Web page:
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Greece, Poland and Portugal warned by Blatter

MARRAKESH, Morocco, Sept 11 (Reuters) - FIFA president Sepp Blatter warned on Saturday that the world body could take action against Greece, Poland and Portugal unless their governments amend domestic laws to make them compatible with FIFA statutes.

Blatter said FIFA is also monitoring the situation in Kenya and has given the Kenyan Football Association 'more time to get its house in order' because of government interference there.

FIFA regularly suspends member associations for government interference or the non-payment of fees, for example, but usually the sanctions are taken against smaller members rather than high profile European countries.

But Blatter, speaking at a news conference after an executive committee meeting, said: 'In general the national laws of these countries contradict the international statutes of FIFA.'

FIFA is concerned that Portuguese law allows the national league too much autonomy and that in Poland there is the possibility of too much interference in the hiring and firing of football officials.

A number of points worry FIFA about Greece, the European champions, including the appointment of referees and disciplinary matters.

'I have written to the Prime Minister of Portugal personally and I am hoping that in the autumn they will bring this matter to Parliament and there will be a change in the law.'

He also said that FIFA were allowing Kenya more time to sort out their problems and would wait another three months until Kenya's World Cup qualifying campaign was over.

Blatter said FIFA wants the changes in domestic laws in those countries to be completed by the end of the World Cup finals next summer, although he did not specify what action FIFA might take if changes were not made.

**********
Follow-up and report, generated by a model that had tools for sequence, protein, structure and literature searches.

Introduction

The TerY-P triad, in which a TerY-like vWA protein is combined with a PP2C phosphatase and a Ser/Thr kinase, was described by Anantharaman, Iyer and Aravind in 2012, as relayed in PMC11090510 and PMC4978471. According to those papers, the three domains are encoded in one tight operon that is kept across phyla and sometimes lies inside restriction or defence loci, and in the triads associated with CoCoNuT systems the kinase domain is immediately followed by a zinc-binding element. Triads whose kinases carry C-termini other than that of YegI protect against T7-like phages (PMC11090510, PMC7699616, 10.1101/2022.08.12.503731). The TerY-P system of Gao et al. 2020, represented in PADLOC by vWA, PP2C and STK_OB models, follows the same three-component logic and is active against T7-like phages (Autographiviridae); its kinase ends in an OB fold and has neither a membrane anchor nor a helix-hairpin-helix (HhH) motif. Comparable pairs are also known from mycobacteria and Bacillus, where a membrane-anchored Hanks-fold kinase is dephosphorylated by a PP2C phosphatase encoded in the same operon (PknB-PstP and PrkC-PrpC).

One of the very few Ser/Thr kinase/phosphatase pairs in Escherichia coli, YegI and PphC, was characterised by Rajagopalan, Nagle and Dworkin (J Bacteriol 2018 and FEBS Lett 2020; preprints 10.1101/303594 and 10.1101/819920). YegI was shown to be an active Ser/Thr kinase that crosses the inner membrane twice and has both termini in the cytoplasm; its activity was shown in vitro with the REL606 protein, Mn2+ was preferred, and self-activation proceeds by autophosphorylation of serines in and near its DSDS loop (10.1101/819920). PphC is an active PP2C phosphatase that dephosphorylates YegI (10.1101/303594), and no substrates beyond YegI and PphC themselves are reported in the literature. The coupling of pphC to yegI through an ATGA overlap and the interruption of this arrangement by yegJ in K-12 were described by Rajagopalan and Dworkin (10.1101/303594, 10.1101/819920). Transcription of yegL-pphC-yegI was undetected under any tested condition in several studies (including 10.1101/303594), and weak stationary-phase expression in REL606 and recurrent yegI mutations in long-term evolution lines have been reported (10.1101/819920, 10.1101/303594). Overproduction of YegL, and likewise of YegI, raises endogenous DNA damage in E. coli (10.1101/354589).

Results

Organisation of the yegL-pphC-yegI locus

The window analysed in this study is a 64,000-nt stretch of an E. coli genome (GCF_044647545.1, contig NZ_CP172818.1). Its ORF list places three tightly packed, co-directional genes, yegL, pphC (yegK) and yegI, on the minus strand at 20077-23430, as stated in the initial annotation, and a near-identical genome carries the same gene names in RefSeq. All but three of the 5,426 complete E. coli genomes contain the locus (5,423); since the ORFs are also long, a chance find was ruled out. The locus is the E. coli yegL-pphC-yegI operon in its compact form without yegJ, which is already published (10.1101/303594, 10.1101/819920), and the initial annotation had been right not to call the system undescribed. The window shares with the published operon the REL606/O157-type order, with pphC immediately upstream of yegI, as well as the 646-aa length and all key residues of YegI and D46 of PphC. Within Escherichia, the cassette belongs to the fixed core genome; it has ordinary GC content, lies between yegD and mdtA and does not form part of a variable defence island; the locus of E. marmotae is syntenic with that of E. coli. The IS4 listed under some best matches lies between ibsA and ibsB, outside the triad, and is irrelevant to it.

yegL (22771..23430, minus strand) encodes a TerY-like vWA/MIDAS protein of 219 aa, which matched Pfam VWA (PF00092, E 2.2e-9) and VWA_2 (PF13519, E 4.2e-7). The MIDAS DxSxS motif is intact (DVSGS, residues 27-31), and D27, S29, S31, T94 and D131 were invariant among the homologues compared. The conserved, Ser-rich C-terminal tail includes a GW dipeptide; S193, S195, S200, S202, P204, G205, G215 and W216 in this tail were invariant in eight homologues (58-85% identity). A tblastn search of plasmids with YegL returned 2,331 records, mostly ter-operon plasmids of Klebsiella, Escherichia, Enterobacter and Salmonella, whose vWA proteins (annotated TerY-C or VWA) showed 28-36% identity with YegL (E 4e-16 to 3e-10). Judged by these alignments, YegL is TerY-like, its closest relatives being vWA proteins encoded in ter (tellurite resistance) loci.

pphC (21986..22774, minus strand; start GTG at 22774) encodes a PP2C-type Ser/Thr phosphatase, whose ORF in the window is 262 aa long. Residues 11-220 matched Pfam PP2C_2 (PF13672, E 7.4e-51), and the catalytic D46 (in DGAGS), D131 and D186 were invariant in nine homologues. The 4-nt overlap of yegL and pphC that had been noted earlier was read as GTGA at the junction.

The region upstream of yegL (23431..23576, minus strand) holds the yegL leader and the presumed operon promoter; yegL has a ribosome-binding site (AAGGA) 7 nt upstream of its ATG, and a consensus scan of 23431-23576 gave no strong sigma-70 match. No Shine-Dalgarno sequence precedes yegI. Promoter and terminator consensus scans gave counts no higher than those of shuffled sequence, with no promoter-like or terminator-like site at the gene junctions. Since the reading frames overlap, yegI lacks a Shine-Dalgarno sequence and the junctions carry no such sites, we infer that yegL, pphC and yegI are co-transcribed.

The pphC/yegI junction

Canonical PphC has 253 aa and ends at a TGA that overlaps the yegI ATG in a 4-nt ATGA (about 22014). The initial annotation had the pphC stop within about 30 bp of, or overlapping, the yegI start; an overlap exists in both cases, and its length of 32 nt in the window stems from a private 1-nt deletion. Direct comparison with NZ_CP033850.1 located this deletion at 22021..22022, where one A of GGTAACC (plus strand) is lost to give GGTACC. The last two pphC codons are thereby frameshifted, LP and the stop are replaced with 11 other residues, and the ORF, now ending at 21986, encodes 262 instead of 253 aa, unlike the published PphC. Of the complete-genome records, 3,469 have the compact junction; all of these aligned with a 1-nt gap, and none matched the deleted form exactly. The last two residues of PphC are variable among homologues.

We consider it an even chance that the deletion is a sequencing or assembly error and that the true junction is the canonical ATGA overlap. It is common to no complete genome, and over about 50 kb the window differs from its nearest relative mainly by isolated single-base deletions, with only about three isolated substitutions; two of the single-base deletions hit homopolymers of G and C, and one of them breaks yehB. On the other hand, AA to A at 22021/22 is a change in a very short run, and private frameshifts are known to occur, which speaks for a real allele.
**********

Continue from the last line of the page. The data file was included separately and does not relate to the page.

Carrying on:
FIFA also wants to set up a Task Force to monitor problems arising in the game including multi-ownership of clubs by individuals, the role of agents in transfers, corruption in football, illegal betting and the problem of clubs attempting to get soccer issues settled in civil courts.

The creation of the Task Force will go ahead once it is approved at FIFA's 55th congress here on Monday.

Without mentioning Chelsea owner Roman Abramovich by name, Blatter said: 'You will remember that last year there was already a question about the ownership of one club in Russia and one club in the premier league in England.'


FIFA is also incensed that the Belgium club Charleroi, with the backing of the G14 group of elite clubs, has taken a case to the Belgian courts regarding Moroccan player Abdelmajid Oulmers.

Oulmers was out for eight months after tearing ankle ligaments playing a friendly for Morocco against Burkina Faso last November.

Blatter said FIFA was asking the Belgium FA to sanction Charleroi as a result.

Charleroi paid for Oulmers's surgery and his salary even though he was unable to play and has tried to reclaim some of the money back from FIFA.

The case opened in the Charleroi Commercial Court last Monday and the G14 has taken up the matter arguing that FIFA's refusal to contribute towards players' salaries - even though clubs lose money when they suffer injuries playing for their national teams - is illegal.

Blatter also said that FIFA's membership would rise to 207 nations on Monday when Congress approves the applications from East Timor and the Comoros Islands as their latest members.